A dot-com dud is showing signs of life. Shares of Groupon (NASDAQ:GRPN) moved 18% higher last week after posting well-received quarterly results -- for a change.
The holiday quarter for the leading daily deals provider may not seem all that spectacular at first. Gross billings clocked in at $1.71 billion for the period, roughly the same total dollar value of customer purchases that it scored a year earlier. However, back out currency fluctuations and gross billings would've risen by 4%. More importantly, North American billings increased 11%. The rest of the world is naturally going the other way, but Groupon has already been staging a retreat from many overseas markets. Groupon's future rests closer to home, and that's not necessarily a bad thing.
To be fair, this is nearly a carbon copy of Groupon's previous quarter. The third quarter also featured an 11% year-over-year uptick in North American billings, held back by declines everywhere else. However, shares of Groupon hit a new all-time low following that report, plunging 26% on the week.
A big reason why the market is loving a similar report this time around is that expectations were loftier three months ago. Groupon's performance fell short of Wall Street's top-line target at the time. It actually landed ahead of where the pros were perched this time around, and that includes a surprise adjusted profit. Analysts were holding out for Groupon to merely break even.
It also helps that the stock kicked off this week a lot lower than it did three months ago. It may have hit new lows following the third quarter report, but this time it was hitting even lower all-time lows -- down to as much as $2.15 -- ahead of the Thursday night report.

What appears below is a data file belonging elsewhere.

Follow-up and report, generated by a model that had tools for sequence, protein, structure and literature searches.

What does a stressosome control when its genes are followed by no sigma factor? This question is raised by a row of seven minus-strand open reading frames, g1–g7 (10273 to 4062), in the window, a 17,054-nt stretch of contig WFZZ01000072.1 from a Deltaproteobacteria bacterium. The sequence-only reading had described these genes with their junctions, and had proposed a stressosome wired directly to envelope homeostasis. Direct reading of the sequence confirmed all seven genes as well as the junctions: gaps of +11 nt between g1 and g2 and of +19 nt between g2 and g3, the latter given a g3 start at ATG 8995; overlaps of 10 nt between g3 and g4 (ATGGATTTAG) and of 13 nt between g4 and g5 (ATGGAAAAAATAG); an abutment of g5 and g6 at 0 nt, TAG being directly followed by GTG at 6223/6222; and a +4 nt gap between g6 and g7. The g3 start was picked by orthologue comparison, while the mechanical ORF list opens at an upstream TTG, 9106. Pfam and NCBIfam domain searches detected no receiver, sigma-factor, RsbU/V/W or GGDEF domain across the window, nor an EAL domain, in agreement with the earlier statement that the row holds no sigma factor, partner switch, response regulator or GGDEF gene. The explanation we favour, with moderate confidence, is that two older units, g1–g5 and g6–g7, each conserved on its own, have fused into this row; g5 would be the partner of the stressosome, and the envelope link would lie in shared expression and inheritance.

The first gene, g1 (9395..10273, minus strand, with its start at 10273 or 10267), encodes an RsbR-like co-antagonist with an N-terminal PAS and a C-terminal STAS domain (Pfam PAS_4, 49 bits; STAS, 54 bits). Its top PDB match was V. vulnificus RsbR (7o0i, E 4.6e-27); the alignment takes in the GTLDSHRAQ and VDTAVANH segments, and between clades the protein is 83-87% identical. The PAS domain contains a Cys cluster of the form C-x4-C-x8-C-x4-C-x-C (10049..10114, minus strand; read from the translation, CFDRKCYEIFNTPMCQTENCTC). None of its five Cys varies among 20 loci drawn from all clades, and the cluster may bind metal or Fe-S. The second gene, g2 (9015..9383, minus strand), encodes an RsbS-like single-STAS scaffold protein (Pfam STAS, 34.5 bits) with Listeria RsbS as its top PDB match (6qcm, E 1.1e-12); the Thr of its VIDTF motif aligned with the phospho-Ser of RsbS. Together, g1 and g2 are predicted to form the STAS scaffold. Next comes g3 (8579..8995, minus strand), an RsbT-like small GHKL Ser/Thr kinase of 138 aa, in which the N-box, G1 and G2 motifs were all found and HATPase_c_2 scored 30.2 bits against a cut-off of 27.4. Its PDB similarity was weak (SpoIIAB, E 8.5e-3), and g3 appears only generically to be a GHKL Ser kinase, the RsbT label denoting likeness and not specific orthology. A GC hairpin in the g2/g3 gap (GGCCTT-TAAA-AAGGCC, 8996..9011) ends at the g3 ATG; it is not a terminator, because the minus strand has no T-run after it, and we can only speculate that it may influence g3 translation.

That was a bit much for a company that's been profitable on an adjusted basis and still growing its stateside businesses. Groupon closed the year with no debt and $853.4 million in cash. After massive share buybacks over the past year, that works out to $1.40 a share. Back that out and Groupon was trading for pocket change.
Another positive development is that it boosted its guidance this time around. It was a different story three months ago when its outlook fell short of where analyst projections.
One final thing worth noting is that investors were let down during the third quarter because it's when it announced that COO Rich Williams was going to be its new CEO. Investors were hoping for a game-changing outsider to step up and lead the way.
A single well-received report doesn't mark a turnaround. Groupon still has a long way to go, and even after last week's pop, the stock is still slightly in the red in 2016. The stock got crushed in 2014 and 2015. It has given up 75% of its value since the end of 2013. Armed with cash and domestic growth prospects, Groupon isn't going away as a company. Investors are the ones that have been going away, but there are some whiffs that Groupon may finally be turning things around.